In the first episode of Mad Men: Season 2, the Emmy-winning series' main character, Dan Draper, is seen reading Meditations in an Emergency, a collection of poetry by Frank O'Hara. The last episode of the season is titled "Meditations in an Emergency" and takes place at the height of the Cuban missile crisis in 1962.
The poem Draper reads in a voice-over is called Mayakovsky. Its first stanza:
"Now I am quietly waiting for/ the catastrophe of my personality/ to seem beautiful again,/ and interesting, and modern."
Draper (played with great skill by Jon Hamm) is a junior partner in a high-powered New York ad agency and filled with contradictions, including a suspect past, so it's conceivable that he would be attracted to the poems of O'Hara, who died in 1966 at age 40. The poet, who as a gay man was under his own social constraints, explored his love of music, art, freedom and life itself in his works. He was just the opposite of Draper, who is trapped in a suburban life that he hates and, ironically, that he has helped create with ad campaigns designed to make people feel unhappy with their lives if they don't buy, buy, buy.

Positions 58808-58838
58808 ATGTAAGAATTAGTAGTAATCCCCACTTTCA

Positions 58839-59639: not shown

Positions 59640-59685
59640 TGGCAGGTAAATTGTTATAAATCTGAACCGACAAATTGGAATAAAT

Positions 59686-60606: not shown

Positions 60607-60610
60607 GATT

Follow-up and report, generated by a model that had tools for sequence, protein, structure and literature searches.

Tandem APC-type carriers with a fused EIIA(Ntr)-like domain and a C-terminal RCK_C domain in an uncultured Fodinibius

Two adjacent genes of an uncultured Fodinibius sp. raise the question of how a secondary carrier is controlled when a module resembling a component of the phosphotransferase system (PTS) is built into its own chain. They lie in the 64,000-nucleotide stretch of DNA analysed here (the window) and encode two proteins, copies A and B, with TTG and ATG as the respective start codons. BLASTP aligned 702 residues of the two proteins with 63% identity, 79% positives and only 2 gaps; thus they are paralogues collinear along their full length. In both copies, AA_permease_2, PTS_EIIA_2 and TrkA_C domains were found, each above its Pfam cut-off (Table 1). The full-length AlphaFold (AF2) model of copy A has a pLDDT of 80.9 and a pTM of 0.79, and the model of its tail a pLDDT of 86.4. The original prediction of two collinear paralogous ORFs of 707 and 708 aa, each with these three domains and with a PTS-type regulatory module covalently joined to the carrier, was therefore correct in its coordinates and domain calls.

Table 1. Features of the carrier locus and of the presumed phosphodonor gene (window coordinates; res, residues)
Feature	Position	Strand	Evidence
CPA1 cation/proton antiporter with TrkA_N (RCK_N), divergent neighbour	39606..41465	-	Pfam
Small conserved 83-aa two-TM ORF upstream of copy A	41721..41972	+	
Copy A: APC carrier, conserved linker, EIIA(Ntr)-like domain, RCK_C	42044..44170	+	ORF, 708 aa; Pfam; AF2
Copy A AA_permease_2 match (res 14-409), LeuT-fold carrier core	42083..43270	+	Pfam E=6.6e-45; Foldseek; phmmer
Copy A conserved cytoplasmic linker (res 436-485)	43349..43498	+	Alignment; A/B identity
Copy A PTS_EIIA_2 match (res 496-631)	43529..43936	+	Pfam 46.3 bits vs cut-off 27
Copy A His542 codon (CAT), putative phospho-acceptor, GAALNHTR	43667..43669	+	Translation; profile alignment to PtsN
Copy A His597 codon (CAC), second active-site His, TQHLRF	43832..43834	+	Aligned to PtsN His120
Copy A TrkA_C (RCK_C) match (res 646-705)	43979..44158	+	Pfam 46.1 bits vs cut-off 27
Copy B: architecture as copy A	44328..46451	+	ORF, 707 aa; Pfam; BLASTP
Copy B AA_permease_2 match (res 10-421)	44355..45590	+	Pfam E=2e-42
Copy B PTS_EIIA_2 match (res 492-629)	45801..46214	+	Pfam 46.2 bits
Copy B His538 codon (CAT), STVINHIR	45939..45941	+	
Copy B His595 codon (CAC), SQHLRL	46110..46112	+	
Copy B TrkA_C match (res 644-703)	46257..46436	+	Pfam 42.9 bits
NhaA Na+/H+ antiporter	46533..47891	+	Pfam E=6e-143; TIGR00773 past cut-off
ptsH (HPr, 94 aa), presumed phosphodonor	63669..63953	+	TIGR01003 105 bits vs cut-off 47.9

Mad Men is smartly staged and produced, with a terrific cast, particularly January Jones as Draper's wife, Betty. And the AMC series, which returns in August, is only likely to get better as it faces a changing culture.
Season 2 is $49.98 on DVD or Blu-ray.